As for local government real estate-related revenues, a comprehensive survey of municipal SDCs collected in 2019 was released in February 2020 by the League of Oregon Cities (LOC), the statewide association for Oregon’s 241 towns and cities. LOC’s report noted “striking differences in city SDC implementation,” along geographic and population lines at the local level. As one would expect, the report found that large cities with more new development bring in more SDC revenue and tend to have more complex and established SDC programs. Additionally, their report found that cities throughout Oregon are reducing and waiving SDCs at a higher rate than in previous years in order to pursue goals within adopted affordable housing strategies.
What do all those numbers mean? The real estate industry is a central and irreplaceable component of Oregon’s economy, and not just because of the economic impact of home sales. According to 2019 data from the Oregon Employment Department, the industry employs over 23,000 Oregonians with wages of $1.14 Billion. Property listings, new home construction, and home sales have always been key indicators of economic health, and as Oregon’s population continues to grow over the coming years, additional home construction and sales will continue to add to the strength of the economy.
Graph Explanatory Statements:
- $62,000, or 52.4% of the economic impact can be attributed to new home construction. Additional home sales result in additional home production. Generally, one new home is constructed for every six existing home sales, so for every sale of an existing home, 1/6 of a new home’s value is added to the economy.
- $33,480 in income was generated from a typical home sale in 2019 – 28.3% of the total impact. For the purposes of this report, it is assumed that commissions, fees and moving expenses, and income to real estate industry professionals associated directly with a typical Oregon home sale are about 9% of the median home price.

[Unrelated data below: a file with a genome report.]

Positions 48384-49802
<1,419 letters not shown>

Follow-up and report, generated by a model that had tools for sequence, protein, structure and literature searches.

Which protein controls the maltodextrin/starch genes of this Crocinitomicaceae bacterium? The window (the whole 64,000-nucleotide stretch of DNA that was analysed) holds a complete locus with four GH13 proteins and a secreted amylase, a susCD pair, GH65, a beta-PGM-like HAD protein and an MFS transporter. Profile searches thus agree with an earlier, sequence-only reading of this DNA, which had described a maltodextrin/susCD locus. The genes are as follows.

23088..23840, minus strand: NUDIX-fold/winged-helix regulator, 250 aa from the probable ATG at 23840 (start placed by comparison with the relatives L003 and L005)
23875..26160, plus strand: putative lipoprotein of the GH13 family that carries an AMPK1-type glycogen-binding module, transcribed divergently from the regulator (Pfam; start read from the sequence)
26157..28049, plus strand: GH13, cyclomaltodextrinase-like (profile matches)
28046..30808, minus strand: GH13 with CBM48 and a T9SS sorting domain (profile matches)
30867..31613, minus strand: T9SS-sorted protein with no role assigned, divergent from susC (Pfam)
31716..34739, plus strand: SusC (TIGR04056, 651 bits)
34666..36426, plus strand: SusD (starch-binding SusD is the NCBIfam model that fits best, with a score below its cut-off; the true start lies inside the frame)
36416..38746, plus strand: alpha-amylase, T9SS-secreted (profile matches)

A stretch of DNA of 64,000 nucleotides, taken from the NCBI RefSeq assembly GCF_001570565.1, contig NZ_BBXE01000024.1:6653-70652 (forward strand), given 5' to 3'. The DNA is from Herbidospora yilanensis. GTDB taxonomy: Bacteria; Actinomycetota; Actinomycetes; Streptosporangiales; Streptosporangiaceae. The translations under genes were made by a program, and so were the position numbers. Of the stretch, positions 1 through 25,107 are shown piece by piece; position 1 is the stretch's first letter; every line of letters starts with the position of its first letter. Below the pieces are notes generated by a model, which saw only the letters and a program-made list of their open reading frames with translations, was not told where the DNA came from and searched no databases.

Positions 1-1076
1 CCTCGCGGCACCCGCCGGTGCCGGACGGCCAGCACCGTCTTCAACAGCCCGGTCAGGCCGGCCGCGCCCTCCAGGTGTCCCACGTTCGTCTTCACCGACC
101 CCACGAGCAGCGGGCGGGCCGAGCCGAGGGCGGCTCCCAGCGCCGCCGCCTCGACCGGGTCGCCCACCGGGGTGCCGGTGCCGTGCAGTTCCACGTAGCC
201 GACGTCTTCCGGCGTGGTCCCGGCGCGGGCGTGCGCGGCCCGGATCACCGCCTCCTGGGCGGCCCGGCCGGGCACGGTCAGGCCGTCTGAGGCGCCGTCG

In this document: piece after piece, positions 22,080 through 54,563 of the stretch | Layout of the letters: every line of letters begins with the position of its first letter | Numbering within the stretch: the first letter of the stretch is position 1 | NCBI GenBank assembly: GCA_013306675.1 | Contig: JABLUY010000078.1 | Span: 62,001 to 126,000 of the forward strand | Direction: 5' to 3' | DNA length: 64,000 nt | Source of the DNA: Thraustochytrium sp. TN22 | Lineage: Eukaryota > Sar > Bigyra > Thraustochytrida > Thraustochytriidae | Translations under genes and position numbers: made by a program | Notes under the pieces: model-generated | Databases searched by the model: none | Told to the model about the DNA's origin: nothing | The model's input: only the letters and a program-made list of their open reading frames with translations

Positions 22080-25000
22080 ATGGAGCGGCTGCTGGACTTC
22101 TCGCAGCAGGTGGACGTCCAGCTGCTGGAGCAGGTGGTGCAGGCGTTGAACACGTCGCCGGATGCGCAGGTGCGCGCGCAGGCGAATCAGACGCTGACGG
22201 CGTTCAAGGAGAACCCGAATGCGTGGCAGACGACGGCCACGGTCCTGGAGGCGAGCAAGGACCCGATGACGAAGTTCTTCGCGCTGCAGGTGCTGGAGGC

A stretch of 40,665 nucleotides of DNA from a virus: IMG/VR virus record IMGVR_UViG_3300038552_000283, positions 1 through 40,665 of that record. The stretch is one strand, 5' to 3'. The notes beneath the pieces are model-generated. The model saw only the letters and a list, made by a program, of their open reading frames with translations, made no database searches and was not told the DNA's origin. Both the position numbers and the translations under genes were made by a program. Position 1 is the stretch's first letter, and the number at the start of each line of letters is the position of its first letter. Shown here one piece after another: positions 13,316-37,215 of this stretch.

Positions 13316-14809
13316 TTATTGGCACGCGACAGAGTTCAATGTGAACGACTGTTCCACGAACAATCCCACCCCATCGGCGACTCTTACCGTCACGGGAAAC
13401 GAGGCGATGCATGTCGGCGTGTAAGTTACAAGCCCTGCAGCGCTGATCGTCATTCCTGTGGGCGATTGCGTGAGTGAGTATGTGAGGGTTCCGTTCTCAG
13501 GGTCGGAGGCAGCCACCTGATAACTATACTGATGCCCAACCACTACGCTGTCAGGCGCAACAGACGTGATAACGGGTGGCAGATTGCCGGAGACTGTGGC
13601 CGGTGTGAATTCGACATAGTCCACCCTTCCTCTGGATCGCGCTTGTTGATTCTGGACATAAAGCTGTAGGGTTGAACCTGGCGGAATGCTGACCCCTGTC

- $18,302, or 15.5% of the economic impact can be credited to a multiplier effect attributable to housing related expenditures. The multiplier effect accounts for the fact that income earned in other sectors of the economy as a result of a home sale is then recirculated into the economy.
- $4,650 in expenditures related to a home purchase – 3.9% of the total impact. Furniture sales and remodeling expenses are approximately $4,650 per home sale, based on data available from the National Association of Home Builders.
LOC Data on SDCs https://www.orcities.org/application/files/2615/8170/9849/SDCSurveyReport2-13-20.pdf
US Bureau of Economic Analysis data: https://www.bea.gov/system/files/2020-04/qgdpstate0420.pdf
NAIOP 2019 Commercial RE report: https://www.naiop.org/en/Research-and-Publications/Economic-Impacts-of-CRE/Economic-Impacts-of-Commercial-Real-Estate-2019
US Census data
PSU population research division statistics
Qualityinfo.org – Oregon economic information including real estate industry profile.